Virus associated with polio-like muscle weakness is spreading among kids, CDC warns
The Centers for Disease Control and Prevention warns about the spread of a common childhood virus that can cause muscle weakness or paralysis in rare cases.
The CDC issued an alert Friday about enterovirus D68, which most commonly leads to respiratory illness among kids, with symptoms that are often mild but can become severe. The enterovirus family is significant, and polio falls within it; both EV-D68 and poliovirus can invade the nervous system and cause muscle weakness.
Occasionally, EV-D68 can result in acute flaccid myelitis, or AFM, which is characterized by inflammation in the neck region of the spinal cord. Some people who experience AFM have difficulty moving their arms, while others experience weakness in all four extremities. During a large outbreak in the U.S. in 2014, around 10% of people with EV-D68 went on to develop AFM.
Full recovery from AFM is rare, and although most patients improve to some extent, the process is often tricky and requires rehabilitation.
This year, the CDC has identified more EV-D68 cases among children with severe respiratory illness than in the past three years combined. There were 84 such cases from March through Aug. 4. The CDC identified six cases in 2019, 30 in 2020 and 16 in 2021.
Those figures are likely to be undercounted, however, because not everyone with respiratory symptoms gets tested for EV-D68.
As of Sept. 2, 13 cases of AFM have been confirmed this year in the U.S. The CDC said it is investigating 20 additional cases.
In the past, the CDC has recorded spikes in EV-D68 cases every other year. Before the coronavirus pandemic was in 2014, 2016 and 2018. Dr Benjamin Greenberg, a neurologist at UT Southwestern’s O’Donnell Brain Institute who treats patients at Children’s Health in Dallas, said the pattern most likely appears because kids develop immunity to the enterovirus when it spreads, leading to “off” years with higher population immunity. Once the immunity wanes, case numbers tick up again.
Dr Sarah Hopkins, a pediatric neurologist at Children’s Hospital of Philadelphia, said: “We thought this was going to happen in 2020 because we had the last spike in 2018. But then, we didn’t have that expected spike with mask-wearing and social distancing and all those things that limit the spread of a respiratory virus.”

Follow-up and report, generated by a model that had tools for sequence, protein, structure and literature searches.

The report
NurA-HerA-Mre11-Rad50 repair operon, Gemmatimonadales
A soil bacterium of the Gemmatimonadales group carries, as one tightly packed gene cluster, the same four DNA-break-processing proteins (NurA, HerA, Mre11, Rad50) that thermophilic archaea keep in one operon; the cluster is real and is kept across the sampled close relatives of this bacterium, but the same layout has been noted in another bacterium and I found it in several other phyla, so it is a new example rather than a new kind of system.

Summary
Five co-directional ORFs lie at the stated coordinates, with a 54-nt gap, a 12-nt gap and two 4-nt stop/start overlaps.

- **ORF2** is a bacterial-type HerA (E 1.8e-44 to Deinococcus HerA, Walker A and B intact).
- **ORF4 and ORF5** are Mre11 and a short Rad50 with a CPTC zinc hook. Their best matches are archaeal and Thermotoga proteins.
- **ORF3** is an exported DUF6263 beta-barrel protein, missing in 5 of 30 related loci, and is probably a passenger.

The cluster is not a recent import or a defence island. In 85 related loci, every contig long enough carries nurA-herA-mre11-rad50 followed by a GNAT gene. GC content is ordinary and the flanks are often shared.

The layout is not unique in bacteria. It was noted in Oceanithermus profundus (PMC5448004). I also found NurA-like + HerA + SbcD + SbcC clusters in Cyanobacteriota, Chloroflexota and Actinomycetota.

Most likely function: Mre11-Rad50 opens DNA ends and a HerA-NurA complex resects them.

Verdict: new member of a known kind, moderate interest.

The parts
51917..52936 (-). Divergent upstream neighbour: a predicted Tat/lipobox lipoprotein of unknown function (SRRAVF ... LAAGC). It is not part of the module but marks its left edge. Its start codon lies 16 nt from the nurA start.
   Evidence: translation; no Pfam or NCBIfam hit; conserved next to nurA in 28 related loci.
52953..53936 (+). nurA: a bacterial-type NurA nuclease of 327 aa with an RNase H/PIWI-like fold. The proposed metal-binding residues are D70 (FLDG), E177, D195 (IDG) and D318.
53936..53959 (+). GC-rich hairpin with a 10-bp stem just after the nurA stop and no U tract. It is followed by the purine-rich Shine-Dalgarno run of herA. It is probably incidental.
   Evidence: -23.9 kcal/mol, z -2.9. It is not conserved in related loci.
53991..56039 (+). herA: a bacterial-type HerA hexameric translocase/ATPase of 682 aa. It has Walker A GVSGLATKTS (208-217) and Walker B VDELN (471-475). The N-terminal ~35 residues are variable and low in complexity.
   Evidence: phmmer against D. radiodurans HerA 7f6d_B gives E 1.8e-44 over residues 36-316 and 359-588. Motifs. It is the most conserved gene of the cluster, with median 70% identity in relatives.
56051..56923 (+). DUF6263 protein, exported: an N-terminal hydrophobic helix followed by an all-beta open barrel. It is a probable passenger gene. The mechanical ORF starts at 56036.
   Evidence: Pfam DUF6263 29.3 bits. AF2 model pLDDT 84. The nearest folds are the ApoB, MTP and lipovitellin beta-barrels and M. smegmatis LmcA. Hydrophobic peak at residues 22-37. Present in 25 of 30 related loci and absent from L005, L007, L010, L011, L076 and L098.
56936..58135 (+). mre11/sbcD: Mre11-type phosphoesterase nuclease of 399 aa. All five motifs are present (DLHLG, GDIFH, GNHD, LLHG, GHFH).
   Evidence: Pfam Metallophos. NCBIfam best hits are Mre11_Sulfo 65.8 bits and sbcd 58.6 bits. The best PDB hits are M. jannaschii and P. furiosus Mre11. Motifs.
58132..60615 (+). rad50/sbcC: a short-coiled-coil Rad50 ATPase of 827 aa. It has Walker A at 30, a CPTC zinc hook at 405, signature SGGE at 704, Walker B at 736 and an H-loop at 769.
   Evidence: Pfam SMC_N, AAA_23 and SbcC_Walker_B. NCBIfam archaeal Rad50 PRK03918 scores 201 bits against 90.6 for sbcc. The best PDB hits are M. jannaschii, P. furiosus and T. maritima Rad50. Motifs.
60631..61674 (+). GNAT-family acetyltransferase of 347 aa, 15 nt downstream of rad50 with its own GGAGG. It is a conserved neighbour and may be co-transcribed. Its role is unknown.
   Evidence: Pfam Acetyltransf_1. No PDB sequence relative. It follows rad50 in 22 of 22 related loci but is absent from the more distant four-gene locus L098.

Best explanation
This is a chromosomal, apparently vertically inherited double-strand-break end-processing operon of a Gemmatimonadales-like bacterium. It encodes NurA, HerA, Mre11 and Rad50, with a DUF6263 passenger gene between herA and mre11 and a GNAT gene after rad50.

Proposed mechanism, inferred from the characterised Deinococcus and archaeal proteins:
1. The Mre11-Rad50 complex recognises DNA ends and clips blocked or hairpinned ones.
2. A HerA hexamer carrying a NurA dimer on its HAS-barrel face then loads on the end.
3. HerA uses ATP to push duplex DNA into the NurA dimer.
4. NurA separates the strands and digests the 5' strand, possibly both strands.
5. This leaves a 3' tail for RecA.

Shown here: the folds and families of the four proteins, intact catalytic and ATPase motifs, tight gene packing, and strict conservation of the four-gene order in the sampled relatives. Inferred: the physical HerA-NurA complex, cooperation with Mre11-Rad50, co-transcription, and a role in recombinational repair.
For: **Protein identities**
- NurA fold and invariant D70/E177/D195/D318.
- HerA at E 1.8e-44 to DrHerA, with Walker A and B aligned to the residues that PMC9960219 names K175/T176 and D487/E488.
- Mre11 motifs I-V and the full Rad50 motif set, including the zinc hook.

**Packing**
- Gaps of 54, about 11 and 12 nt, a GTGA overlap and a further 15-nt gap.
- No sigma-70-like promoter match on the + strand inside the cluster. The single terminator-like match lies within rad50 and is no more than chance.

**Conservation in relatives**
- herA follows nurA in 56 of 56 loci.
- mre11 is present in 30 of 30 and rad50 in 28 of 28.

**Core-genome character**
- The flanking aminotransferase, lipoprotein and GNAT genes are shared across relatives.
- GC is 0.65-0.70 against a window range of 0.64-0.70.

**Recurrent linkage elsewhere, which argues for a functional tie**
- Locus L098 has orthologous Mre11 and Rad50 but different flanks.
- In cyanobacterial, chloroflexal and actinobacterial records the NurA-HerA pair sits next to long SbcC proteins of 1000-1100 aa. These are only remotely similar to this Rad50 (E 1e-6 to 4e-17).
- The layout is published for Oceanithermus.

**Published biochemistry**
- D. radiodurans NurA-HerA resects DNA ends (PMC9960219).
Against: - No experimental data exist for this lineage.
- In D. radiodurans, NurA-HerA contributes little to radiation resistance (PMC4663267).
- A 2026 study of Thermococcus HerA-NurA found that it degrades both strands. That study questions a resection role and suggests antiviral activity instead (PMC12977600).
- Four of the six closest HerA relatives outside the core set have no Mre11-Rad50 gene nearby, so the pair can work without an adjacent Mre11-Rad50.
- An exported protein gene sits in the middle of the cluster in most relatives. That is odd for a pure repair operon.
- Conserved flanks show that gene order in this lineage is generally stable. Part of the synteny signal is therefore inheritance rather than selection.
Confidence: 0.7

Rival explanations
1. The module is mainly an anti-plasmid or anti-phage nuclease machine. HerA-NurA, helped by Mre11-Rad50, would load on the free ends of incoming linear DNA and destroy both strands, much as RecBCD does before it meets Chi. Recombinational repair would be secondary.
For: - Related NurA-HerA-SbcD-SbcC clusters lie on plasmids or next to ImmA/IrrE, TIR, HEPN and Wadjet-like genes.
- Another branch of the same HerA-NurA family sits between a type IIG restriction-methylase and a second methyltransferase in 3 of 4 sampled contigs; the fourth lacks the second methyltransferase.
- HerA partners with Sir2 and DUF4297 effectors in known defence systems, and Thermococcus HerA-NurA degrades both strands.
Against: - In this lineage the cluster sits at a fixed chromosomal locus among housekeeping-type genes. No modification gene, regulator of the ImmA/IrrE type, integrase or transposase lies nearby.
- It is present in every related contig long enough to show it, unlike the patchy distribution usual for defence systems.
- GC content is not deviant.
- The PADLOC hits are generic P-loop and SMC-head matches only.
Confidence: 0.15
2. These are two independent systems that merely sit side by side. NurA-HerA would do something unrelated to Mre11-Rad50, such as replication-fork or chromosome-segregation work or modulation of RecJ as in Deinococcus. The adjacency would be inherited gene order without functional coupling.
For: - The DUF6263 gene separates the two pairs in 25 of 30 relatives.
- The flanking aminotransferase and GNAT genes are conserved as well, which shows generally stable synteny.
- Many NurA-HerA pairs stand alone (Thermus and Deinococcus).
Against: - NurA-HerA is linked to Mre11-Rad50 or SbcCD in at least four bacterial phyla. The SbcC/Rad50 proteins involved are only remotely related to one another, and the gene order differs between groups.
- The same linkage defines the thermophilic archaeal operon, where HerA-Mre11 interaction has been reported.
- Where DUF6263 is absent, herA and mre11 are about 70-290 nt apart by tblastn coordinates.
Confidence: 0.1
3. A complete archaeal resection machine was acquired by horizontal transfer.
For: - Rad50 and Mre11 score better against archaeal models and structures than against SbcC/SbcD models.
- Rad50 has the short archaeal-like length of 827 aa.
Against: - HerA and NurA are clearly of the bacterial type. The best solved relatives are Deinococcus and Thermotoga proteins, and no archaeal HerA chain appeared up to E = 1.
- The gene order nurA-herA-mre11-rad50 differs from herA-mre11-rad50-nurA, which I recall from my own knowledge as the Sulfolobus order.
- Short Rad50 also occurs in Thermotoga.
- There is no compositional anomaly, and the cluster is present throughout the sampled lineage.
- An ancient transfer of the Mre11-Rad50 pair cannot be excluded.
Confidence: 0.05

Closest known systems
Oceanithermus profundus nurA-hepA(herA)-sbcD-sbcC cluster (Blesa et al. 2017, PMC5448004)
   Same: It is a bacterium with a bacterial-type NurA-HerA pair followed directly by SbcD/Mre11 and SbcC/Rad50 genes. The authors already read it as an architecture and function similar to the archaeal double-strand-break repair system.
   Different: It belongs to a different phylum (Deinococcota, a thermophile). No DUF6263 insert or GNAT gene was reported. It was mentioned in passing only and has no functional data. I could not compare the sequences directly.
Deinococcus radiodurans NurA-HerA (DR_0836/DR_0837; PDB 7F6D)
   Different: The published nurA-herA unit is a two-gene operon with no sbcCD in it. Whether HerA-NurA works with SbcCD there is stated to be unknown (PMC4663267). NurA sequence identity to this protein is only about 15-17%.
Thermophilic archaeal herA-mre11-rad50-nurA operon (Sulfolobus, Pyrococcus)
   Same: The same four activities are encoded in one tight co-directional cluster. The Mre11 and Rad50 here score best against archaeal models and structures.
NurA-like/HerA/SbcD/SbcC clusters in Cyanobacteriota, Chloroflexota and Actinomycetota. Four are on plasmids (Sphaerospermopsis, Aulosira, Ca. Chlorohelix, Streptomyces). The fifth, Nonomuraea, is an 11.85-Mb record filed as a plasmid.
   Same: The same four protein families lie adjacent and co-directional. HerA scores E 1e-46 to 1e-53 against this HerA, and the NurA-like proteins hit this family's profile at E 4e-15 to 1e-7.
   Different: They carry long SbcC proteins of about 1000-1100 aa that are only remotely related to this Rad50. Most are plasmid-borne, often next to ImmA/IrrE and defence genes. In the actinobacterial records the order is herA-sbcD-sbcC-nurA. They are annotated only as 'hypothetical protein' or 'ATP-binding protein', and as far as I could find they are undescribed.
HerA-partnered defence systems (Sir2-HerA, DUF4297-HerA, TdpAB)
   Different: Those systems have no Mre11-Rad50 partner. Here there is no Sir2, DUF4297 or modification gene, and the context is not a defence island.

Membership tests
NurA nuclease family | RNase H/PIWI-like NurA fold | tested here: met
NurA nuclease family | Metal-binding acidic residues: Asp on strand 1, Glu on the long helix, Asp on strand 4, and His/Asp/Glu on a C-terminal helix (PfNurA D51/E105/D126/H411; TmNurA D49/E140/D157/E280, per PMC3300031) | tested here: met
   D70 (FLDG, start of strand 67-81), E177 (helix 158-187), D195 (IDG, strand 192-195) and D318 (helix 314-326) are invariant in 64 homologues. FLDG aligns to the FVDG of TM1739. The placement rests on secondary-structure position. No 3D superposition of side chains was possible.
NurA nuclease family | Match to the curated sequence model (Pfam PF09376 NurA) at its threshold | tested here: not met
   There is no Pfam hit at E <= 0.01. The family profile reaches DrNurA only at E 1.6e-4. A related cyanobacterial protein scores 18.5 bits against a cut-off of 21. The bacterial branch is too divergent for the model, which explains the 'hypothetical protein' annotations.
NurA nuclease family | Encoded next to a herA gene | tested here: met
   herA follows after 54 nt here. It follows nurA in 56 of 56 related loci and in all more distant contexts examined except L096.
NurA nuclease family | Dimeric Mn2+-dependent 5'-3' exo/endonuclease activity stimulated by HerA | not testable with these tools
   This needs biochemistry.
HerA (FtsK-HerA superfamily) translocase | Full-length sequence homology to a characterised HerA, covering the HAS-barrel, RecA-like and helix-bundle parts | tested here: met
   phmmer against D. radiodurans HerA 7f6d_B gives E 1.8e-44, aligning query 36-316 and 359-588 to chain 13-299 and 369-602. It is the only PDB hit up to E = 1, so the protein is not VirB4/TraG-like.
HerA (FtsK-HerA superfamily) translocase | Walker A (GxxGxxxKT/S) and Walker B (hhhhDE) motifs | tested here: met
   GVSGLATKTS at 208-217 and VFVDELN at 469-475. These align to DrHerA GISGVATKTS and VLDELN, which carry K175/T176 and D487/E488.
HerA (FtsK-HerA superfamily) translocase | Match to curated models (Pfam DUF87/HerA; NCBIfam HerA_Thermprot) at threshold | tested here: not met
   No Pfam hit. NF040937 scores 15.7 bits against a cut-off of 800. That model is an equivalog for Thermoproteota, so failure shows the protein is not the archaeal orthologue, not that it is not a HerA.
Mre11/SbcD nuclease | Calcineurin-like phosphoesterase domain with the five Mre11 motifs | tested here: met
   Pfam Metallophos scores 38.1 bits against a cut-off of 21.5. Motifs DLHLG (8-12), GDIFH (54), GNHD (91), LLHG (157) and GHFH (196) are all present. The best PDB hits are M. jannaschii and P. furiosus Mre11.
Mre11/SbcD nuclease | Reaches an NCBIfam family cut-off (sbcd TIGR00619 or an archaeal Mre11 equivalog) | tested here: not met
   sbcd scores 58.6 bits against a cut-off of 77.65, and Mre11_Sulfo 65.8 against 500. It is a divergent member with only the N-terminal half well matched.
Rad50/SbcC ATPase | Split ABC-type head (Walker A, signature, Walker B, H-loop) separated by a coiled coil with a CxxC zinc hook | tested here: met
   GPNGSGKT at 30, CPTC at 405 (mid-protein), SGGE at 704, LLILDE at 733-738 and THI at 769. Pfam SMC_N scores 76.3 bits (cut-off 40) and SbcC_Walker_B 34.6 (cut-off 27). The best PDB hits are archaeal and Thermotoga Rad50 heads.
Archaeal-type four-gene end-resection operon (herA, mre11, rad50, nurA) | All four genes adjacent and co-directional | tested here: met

Greenberg said cases are most likely rising again this year because children are back in school and other public spaces.
“We have a group of kids who’ve never seen the virus because they didn’t have school exposures. So we think the at-risk population is bigger than in 2020,” he said.
All seven pediatric medical centres affiliated with the CDC’s New Vaccine Surveillance Network — in Nashville, Tennessee; Houston; Kansas City, Missouri; Cincinnati; Seattle; Pittsburgh; and Rochester, New York — have detected cases of EV-D68 this year. The CDC said it had also received reports of increases in severe respiratory illness among children in Minnesota, Arizona and Utah, raising concerns that some of those infections might be EV-D68, as well.
The agency is telling health care providers to be on the lookout for EV-D68 cases among kids and strongly considers AFM a potential diagnosis for patients with limb weakness.
But it can be hard to distinguish EV-D68 symptoms from those of respiratory viruses. Like the common cold, EV-D68 can cause a runny nose, sneezing, body aches or muscle aches. Children who require hospitalization tend to have coughs, shortness of breath, wheezing and — in about half of cases — fever.
AFM could also be confused with a severe case of polio, which results in a similar condition called acute flaccid paralysis. The U.S. recorded one polio case in July and detected the virus in wastewater across several New York counties.
Greenberg said polio detection calls for “raised awareness among health care providers so that they can send appropriate testing.”
“It’s essential to know which virus is causing the paralysis in patients,” he added.
What is enterovirus D68?
Scientists first identified enterovirus D68 in 1962. At the time, the virus wasn’t circulating much, and it resulted in milder illness than it does today, Greenberg said.